Q: Have you met any concern from your film subjects about having their lives intimately depicted in this way and made public?
A: I think all of us connected to this project are, in different ways, concerned about where the line is between the public and the private. Certainly while I was making the film I understood that the film subjects' (my friends') willingness to be in the film was an act of generosity on their part. I think they trusted that I would not harm them by revealing too much or by misrepresenting their lives and this was a responsibility that I took very seriously. Nonetheless, human beings are always more complex than their representations...
Q: On your earlier films, you were frequently the director, DP, and editor; does the inclusion of another editor on this film signal a change in how you are working? Was there something in the material that you felt would benefit from an outside editor?
A: After graduate school, I persisted in having this idea that filmmaker's gained authorship over their work by handling as many of the filmmaking chores as possible, that films ought to be made like writers write books, or painters painted paintings. While this idea may still have merit, as a full time teacher and family man, I no longer have the time to do it all myself. And so, for the first time, I worked with an editor, Karen Schmeer. Karen is a wonderful young editor and I depended on her to tell me when I was becoming too infatuated with my middle age. Also, because of the nakedness, I felt the film needed a gender-mixed editing team to help sort out the tricky cultural and aesthetic problems the portrayal of naked people presents. This was the first time I had collaborated with an editor and it was a pleasure. I now think that films have many authors, and certainly Karen shares in authoring "The Same River Twice."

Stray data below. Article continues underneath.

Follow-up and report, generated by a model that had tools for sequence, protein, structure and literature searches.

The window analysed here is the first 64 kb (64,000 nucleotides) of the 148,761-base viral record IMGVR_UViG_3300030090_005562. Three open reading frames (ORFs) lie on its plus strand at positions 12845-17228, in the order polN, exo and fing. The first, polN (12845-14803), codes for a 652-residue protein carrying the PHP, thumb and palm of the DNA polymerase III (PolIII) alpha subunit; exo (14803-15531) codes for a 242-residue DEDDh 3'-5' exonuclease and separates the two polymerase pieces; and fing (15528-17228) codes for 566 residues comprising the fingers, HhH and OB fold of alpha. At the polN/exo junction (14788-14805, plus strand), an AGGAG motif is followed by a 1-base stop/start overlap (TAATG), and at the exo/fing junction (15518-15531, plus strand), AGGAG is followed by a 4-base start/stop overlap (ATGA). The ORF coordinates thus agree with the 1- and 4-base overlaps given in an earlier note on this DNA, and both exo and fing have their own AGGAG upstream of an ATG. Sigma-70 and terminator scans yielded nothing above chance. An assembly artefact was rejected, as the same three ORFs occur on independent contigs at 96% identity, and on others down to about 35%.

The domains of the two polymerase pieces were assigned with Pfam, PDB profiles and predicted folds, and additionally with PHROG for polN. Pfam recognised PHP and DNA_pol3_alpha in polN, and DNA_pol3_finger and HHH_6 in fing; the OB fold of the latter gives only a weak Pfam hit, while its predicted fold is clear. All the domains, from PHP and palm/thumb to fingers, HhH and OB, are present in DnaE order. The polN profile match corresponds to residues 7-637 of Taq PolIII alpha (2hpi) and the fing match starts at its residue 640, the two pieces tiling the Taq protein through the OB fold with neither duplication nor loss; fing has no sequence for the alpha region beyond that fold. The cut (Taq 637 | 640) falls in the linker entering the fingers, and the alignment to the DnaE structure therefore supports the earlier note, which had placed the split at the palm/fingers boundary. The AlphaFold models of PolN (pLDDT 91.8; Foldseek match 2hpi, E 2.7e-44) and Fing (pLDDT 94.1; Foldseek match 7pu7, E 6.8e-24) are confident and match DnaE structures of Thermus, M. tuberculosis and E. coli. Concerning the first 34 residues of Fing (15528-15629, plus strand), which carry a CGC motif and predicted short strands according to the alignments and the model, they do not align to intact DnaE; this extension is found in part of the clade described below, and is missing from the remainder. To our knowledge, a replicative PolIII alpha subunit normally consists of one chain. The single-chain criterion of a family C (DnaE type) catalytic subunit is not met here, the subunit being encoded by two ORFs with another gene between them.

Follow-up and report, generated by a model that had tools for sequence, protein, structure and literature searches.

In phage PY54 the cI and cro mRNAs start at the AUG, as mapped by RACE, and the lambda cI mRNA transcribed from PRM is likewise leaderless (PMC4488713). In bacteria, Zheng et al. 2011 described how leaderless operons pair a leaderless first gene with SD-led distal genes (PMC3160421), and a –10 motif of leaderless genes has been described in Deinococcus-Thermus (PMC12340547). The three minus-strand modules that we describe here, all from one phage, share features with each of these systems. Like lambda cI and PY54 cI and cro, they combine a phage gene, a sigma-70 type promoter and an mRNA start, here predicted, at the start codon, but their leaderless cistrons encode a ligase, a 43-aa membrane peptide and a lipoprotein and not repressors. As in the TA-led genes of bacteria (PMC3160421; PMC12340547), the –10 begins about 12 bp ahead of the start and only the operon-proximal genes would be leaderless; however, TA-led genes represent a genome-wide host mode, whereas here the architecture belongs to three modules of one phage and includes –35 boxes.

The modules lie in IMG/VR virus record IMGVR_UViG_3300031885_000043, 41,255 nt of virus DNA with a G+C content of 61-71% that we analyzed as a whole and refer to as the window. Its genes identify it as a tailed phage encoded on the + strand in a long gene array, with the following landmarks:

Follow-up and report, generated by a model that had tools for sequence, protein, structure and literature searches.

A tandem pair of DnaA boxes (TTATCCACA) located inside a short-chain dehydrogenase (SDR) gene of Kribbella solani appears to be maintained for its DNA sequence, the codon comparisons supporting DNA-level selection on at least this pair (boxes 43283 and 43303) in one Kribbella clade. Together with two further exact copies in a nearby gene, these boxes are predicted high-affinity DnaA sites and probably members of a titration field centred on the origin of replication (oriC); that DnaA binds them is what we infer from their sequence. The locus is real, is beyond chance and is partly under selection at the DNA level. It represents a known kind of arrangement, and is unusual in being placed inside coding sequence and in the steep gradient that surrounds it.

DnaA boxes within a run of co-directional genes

Q: Despite obvious differences between "The Same River Twice" and Michael Apted's "Seven-Up" serial films, it seems there might basis for comparison between these films. How do you respond to this? Is it your intention to continue to document these people's lives?
A: I admire the "Seven-Up" series. While "The Same River Twice" is also longitudinal, it is not focused on class as its primary area of exploration, and doesn't depend so mightily on the interview as its primary meaning-making strategy. If my friends are still speaking to me (and we am still around) in fifteen years, I would like to make a third installment of the dog series. "The Naked and the Dead,” perhaps?
Q: What kind of camera did you use to shoot the early footage and the contemporary footage, were there any specific challenges in filming under either of these circumstances? What kind of an editing system did you use to edit this film? Do you have a strong personal preference for either film or digital video?
A: I shot the first film with a CP-16 non-reflex 16mm camera. “Riverdogs” was one of the first films I ever made and I was an inexperienced zealot. I had solar battery chargers built for the project, rigged the film boat keep the film cool and dry for 35 days on the Colorado River through the Grand Canyon, and generally had a miserable time trying to keep the equipment accessible and safe. The contemporary material was shot in mini-DV with Sony VX 1000. The editing was done digitally on a donated Media 100. I love film and shoot video.
Q: Lastly, is there anything in particular that you hope audiences can get from this film, something you would like them to take away from the experience of having seen it?
A: What I hope is that audiences experience the passing of time in the film and think about their own lives in any way they wish.